Some time ago there was a story on CTV about people sitting too long at their desks. In fact, some co-workers and I were interviewed. I am guilty of sitting at my desk and hardly getting up. There were times when I would sit there not even taking a bathroom break. And I would have late lunches–a couple times as late as 4pm. One of my co-workers would scold me for sitting so long at my desk and would try unsuccessfully to encourage me to join her and others for lunch.
When the reporter came to our department, I agreed to be interviewed because I knew I was guilty of too much sitting. I told her that I would get so caught up in my work that I would remain glued to my chair. That day I promised myself that I would change my behavior and start taking breaks.
I must admit that I didn’t think that too much sitting was bad for people’s health. There was a recent study in the European Heart Journal which examined the links of the total amount of time spent sitting down and breaks in sedentary time, with various indicators of risk for heart disease, metabolic diseases such as diabetes, and inflammatory processes that can play a role in atherosclerosis (blocked arteries).
It found that prolonged periods of sedentary time, even in people who also spent some time in moderate-to-vigorous exercise, were associated with worse indicators of cardio-metabolic function and inflammation, such as larger waist circumferences, lower levels of HDL (“good”) cholesterol, higher levels of C-reactive protein (an important marker of inflammation) and triglycerides (blood fats).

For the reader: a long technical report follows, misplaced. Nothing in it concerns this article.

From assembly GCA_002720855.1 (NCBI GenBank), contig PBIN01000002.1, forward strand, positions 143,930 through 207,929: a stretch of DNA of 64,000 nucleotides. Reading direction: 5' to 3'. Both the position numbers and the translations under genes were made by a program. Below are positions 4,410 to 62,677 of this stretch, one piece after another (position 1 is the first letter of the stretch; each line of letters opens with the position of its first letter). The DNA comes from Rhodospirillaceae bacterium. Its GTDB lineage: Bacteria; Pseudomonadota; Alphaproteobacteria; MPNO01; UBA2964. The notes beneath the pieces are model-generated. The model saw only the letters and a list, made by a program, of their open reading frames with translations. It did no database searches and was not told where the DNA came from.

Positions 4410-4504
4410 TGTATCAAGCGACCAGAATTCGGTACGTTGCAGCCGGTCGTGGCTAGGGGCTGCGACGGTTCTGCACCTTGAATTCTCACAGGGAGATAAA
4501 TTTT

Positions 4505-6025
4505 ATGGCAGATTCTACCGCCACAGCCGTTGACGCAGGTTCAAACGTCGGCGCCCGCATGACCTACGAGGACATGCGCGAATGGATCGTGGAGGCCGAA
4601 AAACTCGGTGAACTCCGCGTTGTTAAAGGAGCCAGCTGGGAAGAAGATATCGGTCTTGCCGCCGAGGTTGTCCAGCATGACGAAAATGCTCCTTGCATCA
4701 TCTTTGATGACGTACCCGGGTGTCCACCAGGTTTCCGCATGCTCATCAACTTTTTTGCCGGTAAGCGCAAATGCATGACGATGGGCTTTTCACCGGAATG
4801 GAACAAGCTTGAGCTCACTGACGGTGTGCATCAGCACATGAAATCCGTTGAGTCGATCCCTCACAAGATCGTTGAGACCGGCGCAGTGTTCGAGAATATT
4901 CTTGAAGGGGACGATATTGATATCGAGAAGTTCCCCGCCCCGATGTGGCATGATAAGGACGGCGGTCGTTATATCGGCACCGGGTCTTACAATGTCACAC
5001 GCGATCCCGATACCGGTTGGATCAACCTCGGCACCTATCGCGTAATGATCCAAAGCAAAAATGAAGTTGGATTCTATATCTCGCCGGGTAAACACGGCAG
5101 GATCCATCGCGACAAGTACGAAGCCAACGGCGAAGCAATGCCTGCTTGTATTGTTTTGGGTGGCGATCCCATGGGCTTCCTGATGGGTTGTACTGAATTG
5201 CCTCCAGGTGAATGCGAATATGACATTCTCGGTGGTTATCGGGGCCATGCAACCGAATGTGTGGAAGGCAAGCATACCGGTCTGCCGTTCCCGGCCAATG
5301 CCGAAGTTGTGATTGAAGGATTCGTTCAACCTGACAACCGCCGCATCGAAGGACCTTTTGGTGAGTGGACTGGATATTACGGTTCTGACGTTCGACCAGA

However, the study also found that, even in people who spent a long time sitting down, the more breaks they took during this time, the smaller their waists and the lower the levels of C-reactive protein (http://www.news-medical.net/news/20110112/Plenty-of-breaks-from-sitting-at-the-desk-are-good-for-hearts-and-waistlines-Study.aspx)
What can we do to help ourselves? Simple. Take plenty of breaks. This will be good for our hearts and waistlines. I was advised to stand, stretch and walk around. Take the stairs instead of the elevator. Get on your feet. Take action now to reduce your risk of getting the “sitting disease”.